High Appoints New Photography Curator
ATLANTA, December 2, 2010 – Michael E. Shapiro, Nancy and Holcombe T. Green, Jr. Director of the High Museum of Art, today announced the appointment of Brett Abbott as the Museum’s new curator of photography. Abbott currently serves as associate curator in the department of photographs at the J. Paul Getty Museum in Los Angeles, and will join the High on April 1, 2011. As curator of photography Abbott will be responsible for the High’s growing collection of more than 4,000 prints, with notable examples of every photographic genre and process as well as many of the masters in the field, including George N. Barnard, Julia Margaret Cameron, Walker Evans, Richard Misrach, Emmet Gowin and Sally Mann.
“In addition to his extensive knowledge of the history of photography and exciting repertoire of recent scholarship, Brett brings a fresh and energetic perspective to our curatorial team,” said David Brenneman, the High’s Director of Collections and Exhibitions. “We look forward to welcoming him to the High and his stewardship of the museum’s robust photography collection, as well as introducing him to Atlanta’s thriving photography community.”
A member of the curatorial staff at the J. Paul Getty Museum since 2002, Abbott has been integral in managing the museum’s important collection of photographs, including mounting exhibitions, researching and publishing the collection and building the holdings through acquisitions and gifts. He recently received the 2010 Lucie Award for Curator/Exhibition of the Year for his organization of the exhibition and its related publication “Engaged Observers: Documentary Photography since the Sixties,” the Getty’s highest-attended photography exhibition to date. Abbott also received the 2007 Lucie Award for Curator/Exhibition of the Year for “Edward Weston: Enduring Vision” and edited its companion publication, “Edward Weston’s Book of Nudes.”
The High began collecting photography in 1974 and has recently amassed the nation’s most comprehensive collection of civil rights-era photography with works by Ernest C. Withers, Danny Lyon, Bruce Davidson, Bob Adelman and others. The collection also includes large-scale prints by prominent contemporary artists such as Thomas Struth, Taryn Simon, Vik Muniz and Jeff Wall.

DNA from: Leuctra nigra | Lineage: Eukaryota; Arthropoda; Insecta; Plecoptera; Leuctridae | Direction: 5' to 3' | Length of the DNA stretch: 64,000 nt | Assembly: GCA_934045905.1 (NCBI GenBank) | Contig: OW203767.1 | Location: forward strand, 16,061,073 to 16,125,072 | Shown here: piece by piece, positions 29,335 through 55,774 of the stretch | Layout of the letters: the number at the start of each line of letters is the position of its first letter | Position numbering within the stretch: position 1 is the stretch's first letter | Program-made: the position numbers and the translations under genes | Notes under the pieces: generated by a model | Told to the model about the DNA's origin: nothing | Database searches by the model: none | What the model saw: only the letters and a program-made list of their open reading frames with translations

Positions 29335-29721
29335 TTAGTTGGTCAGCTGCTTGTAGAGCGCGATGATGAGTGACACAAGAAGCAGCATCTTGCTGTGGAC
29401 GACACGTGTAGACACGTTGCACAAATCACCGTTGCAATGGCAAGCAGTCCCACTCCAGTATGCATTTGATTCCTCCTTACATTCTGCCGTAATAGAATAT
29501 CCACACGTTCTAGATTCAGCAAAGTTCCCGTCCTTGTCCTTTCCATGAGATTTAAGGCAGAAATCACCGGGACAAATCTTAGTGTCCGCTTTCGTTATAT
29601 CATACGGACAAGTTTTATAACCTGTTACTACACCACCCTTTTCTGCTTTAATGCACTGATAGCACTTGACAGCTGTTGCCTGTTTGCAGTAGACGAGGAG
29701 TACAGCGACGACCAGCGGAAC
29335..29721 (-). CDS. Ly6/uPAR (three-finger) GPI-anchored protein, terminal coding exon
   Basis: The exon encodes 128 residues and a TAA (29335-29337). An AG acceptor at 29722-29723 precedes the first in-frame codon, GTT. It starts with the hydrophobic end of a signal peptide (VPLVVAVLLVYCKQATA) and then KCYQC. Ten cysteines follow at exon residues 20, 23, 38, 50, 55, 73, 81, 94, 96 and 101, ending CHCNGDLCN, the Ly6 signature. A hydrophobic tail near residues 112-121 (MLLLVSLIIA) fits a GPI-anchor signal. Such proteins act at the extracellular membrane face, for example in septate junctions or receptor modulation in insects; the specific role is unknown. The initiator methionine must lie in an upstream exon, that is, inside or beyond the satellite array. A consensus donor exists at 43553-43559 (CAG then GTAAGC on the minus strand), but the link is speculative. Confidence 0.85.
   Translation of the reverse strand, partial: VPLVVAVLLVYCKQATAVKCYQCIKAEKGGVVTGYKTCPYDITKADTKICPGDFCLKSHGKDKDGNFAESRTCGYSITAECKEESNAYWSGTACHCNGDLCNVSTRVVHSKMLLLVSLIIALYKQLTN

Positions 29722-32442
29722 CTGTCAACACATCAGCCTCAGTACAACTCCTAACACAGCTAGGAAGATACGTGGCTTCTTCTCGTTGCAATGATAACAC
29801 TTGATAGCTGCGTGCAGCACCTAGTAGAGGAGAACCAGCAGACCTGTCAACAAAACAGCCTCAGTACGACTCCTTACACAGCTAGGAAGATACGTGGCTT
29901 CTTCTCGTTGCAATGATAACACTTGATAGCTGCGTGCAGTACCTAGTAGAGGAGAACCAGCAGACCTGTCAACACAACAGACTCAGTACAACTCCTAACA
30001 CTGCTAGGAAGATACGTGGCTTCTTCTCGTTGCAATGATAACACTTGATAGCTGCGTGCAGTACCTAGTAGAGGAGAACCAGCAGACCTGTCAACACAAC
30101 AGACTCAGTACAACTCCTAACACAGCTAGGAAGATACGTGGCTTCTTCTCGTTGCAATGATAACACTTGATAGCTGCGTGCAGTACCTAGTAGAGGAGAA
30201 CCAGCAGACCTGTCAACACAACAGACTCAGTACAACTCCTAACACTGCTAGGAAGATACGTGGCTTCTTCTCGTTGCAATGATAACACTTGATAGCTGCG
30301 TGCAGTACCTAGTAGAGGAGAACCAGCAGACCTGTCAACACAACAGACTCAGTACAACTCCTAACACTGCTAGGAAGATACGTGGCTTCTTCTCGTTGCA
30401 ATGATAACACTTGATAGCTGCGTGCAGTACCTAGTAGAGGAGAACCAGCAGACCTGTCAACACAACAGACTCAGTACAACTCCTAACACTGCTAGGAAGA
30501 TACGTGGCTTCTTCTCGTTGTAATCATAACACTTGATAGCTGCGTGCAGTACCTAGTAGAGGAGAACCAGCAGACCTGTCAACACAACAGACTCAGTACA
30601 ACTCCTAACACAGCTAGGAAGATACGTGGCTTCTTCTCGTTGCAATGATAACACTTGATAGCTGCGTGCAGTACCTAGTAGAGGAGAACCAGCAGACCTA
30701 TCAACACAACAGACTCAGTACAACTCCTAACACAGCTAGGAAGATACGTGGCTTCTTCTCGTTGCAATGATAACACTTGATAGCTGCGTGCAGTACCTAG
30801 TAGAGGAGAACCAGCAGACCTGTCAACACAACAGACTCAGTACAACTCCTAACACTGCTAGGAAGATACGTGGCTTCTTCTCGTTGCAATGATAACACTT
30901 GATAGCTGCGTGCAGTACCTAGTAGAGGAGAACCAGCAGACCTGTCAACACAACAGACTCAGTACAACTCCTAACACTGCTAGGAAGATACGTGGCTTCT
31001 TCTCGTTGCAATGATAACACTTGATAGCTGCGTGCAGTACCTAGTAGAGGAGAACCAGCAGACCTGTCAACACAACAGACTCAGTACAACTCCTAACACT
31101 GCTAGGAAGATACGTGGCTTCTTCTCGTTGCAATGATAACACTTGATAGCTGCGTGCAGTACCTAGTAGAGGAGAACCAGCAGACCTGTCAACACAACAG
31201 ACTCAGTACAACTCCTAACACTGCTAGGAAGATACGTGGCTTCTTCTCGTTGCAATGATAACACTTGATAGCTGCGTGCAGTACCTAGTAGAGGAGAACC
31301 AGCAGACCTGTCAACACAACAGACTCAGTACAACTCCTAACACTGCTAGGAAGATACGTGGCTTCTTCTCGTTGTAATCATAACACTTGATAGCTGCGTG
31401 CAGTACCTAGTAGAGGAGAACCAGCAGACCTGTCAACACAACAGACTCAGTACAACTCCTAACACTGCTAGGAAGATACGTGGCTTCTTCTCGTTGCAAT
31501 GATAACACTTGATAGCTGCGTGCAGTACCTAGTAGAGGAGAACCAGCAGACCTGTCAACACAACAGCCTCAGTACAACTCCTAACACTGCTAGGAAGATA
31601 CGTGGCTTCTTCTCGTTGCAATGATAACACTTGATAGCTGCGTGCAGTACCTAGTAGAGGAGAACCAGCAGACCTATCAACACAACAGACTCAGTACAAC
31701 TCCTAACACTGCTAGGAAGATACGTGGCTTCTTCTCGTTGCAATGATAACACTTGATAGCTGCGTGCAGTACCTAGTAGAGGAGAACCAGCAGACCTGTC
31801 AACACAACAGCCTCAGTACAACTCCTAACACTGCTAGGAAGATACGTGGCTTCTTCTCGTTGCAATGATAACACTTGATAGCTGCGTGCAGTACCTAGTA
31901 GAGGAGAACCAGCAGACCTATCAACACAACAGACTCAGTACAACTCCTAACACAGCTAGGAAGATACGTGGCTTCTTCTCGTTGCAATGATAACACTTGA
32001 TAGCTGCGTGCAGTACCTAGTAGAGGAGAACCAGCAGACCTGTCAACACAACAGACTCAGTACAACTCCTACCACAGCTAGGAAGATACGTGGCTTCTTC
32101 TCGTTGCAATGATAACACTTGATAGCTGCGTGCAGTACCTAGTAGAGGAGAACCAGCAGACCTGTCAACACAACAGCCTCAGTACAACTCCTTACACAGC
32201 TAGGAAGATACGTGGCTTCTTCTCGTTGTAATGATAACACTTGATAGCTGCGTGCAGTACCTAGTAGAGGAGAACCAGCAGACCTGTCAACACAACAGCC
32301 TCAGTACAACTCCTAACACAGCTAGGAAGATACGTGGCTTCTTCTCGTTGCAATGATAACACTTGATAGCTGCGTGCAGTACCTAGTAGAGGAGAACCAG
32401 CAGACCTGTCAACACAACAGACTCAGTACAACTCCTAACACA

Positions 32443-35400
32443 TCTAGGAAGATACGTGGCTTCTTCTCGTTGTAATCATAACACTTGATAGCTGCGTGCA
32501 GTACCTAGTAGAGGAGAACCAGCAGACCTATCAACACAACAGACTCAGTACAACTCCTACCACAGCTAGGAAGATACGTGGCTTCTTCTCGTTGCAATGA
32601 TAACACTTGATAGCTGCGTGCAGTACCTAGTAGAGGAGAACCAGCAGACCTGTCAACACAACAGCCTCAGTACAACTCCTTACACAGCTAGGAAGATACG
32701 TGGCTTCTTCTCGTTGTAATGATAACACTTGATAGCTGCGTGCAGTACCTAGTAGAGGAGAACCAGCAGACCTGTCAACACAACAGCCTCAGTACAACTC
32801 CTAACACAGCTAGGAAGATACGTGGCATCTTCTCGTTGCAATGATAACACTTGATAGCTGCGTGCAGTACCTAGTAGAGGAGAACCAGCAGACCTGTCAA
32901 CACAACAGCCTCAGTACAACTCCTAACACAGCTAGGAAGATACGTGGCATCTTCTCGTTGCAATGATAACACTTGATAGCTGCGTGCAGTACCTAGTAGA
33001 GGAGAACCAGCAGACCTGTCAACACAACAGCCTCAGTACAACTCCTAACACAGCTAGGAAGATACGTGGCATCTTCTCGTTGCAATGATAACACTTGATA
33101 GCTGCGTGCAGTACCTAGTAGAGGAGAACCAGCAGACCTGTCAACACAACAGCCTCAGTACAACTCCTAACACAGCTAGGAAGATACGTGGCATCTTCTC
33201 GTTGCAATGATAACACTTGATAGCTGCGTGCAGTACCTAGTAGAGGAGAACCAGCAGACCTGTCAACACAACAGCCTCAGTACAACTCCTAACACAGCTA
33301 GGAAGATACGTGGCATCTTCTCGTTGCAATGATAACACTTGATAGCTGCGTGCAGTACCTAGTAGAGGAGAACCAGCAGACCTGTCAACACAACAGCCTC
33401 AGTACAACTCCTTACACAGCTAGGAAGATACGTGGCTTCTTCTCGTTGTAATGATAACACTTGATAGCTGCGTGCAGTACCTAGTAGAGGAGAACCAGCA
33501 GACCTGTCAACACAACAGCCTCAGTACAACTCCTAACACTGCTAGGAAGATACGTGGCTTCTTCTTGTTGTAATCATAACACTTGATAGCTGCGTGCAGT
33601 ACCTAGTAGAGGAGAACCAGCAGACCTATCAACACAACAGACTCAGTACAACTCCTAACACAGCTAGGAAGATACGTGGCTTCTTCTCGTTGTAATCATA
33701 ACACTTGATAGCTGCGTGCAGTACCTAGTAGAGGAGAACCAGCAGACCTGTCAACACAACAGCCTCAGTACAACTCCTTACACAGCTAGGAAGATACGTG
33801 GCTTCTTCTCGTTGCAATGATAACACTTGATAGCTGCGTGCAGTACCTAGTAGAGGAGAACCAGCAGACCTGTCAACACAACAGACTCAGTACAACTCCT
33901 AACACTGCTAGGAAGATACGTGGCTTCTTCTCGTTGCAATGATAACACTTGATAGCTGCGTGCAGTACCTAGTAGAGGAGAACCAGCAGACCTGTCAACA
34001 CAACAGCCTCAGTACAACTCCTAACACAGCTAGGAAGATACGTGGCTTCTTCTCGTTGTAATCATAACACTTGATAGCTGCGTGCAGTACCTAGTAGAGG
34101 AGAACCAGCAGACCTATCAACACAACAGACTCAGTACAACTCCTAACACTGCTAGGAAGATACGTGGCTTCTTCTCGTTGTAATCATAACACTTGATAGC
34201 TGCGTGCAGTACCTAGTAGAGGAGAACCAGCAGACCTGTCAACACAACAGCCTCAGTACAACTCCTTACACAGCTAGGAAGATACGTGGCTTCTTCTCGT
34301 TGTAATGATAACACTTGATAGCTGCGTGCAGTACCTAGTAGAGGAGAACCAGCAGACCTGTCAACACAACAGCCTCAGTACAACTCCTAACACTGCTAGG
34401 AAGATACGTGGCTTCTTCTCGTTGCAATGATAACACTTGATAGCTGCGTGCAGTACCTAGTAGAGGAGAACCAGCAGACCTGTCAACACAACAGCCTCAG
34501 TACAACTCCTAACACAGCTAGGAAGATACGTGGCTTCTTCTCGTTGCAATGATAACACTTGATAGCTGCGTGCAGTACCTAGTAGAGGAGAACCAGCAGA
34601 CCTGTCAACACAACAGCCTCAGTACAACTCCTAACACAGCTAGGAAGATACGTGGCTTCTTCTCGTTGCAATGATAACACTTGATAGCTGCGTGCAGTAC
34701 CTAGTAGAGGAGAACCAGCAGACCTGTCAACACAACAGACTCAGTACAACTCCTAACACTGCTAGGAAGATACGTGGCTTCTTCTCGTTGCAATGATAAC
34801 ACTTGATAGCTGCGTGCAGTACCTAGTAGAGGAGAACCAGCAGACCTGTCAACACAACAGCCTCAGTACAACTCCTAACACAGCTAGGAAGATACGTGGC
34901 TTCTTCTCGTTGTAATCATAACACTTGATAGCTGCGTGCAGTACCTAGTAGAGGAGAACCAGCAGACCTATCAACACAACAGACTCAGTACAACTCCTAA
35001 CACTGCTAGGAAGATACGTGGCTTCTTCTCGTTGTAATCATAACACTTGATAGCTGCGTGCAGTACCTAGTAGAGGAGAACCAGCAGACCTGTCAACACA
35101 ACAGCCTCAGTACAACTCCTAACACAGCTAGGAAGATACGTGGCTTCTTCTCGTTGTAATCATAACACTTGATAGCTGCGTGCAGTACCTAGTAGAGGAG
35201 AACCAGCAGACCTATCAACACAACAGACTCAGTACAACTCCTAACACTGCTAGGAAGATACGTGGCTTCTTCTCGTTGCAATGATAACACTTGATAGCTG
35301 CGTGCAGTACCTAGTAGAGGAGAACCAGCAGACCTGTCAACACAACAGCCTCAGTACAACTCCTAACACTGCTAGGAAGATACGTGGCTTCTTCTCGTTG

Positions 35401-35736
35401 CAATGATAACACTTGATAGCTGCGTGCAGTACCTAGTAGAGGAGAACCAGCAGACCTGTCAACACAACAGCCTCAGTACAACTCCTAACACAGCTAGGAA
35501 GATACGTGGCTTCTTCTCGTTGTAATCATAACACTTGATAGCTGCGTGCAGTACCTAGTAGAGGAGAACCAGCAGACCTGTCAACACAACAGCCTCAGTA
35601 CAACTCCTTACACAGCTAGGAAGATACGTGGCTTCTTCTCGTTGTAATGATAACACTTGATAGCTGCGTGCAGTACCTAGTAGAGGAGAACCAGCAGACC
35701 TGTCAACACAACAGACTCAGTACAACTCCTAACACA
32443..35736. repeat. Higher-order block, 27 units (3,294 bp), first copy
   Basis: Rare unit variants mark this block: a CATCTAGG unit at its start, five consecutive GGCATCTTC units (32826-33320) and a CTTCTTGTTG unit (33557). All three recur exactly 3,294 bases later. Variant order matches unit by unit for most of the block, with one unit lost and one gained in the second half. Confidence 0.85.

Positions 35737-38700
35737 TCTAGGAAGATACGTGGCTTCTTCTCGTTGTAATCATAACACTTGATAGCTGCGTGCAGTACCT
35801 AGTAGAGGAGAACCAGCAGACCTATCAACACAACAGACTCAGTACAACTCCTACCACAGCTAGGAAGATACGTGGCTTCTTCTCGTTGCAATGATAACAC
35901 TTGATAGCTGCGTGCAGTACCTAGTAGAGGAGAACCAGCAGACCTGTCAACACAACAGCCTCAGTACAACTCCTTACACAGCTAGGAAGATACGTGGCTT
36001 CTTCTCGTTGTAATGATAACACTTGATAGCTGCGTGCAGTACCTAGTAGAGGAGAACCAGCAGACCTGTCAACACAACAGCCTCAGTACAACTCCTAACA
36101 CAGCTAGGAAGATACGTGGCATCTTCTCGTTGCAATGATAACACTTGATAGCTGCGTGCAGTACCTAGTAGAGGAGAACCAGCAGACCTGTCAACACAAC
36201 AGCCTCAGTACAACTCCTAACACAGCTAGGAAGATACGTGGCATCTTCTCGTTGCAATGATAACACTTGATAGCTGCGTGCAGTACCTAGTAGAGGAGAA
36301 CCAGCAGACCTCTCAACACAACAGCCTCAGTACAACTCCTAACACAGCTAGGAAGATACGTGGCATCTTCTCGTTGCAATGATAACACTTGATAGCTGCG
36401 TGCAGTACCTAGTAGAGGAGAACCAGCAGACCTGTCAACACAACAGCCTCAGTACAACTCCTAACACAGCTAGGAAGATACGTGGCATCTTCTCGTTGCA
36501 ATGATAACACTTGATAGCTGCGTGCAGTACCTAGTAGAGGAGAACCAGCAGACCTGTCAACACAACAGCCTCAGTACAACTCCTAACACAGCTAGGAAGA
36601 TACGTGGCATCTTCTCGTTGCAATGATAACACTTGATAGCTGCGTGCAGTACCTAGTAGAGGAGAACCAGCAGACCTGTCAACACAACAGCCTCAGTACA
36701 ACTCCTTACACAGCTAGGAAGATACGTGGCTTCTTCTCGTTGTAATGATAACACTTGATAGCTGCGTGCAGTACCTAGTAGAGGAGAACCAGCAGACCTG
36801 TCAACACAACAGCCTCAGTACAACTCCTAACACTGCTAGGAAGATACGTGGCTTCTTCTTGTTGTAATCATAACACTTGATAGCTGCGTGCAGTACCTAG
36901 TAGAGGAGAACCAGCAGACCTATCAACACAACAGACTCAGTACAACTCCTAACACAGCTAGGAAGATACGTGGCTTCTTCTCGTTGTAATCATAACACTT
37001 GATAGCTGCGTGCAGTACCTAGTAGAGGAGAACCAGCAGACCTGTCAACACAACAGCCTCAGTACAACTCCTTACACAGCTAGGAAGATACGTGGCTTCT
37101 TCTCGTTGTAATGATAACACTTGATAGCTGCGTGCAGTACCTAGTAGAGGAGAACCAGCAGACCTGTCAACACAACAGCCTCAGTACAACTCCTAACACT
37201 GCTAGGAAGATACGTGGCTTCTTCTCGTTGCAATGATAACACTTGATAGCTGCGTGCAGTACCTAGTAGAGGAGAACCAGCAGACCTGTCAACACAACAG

“It is a wonderful honor to be joining the High’s talented and innovative team and to be welcomed into Atlanta’s thriving arts community,” said Abbott. “The High has made significant contributions to the study of photography. I’m excited to be charged with building the collection in ways that will further distinguish it on the national level, while harnessing its resources for local arts education and outreach. To that end, I’m eager to begin working with the Museum’s supporters toward developing a vibrant roster of acquisitions and exhibitions that contributes to the field and inspires the community.”
Abbott received his Master of Arts in art history from Williams College in 2002 and his Bachelor of Arts in the same field from Stanford University in 2000. Prior to his current position, Abbott served as a curatorial intern in the department of photographs at the National Gallery of Art, Washington, D.C. (2001), where he conducted research for the bibliography and introductory essay of Sarah Greenough’s “Alfred Stieglitz: The Key Set: The Alfred Stieglitz Collection of Photographs.” Abbott has also held roles at the Williams College Museum of Art (2000–2001) and the Santa Barbara Museum of Art (1999).
High Museum of Art
The High Museum of Art, founded in 1905 as the Atlanta Art Association, is the leading art museum in the Southeastern United States. With more than 12,000 works of art in its permanent collection, the High Museum has an extensive anthology of 19th- and 20th-century American and decorative art; significant holdings of European paintings; a growing collection of African American art; and burgeoning collections of modern and contemporary art, photography and African art. The High Museum of Art is also dedicated to supporting and collecting works by Southern artists and is distinguished as the only major museum in North America to have a curatorial department specifically devoted to the field of folk and self-taught art. The High’s media arts department produces acclaimed annual film series and festivals of foreign, independent and classic cinema. In November 2005 the High opened three new buildings by architect Renzo Piano that more than doubled the Museum’s size, creating a vibrant “village for the arts” at the Woodruff Arts Center in midtown Atlanta. For more information about the High, please visit www.high.org.
The Woodruff Arts Center
The Woodruff Arts Center is ranked among the top four arts centers in the nation. The Woodruff is unique in that it combines four visual and performing arts divisions on one campus as one not-for-profit organization. Opened in 1968, the Woodruff Arts Center is home to the Alliance Theatre, the Atlanta Symphony Orchestra, the High Museum of Art and Young Audiences. To learn more about the Woodruff Arts Center, please visit www.woodruffcenter.org.
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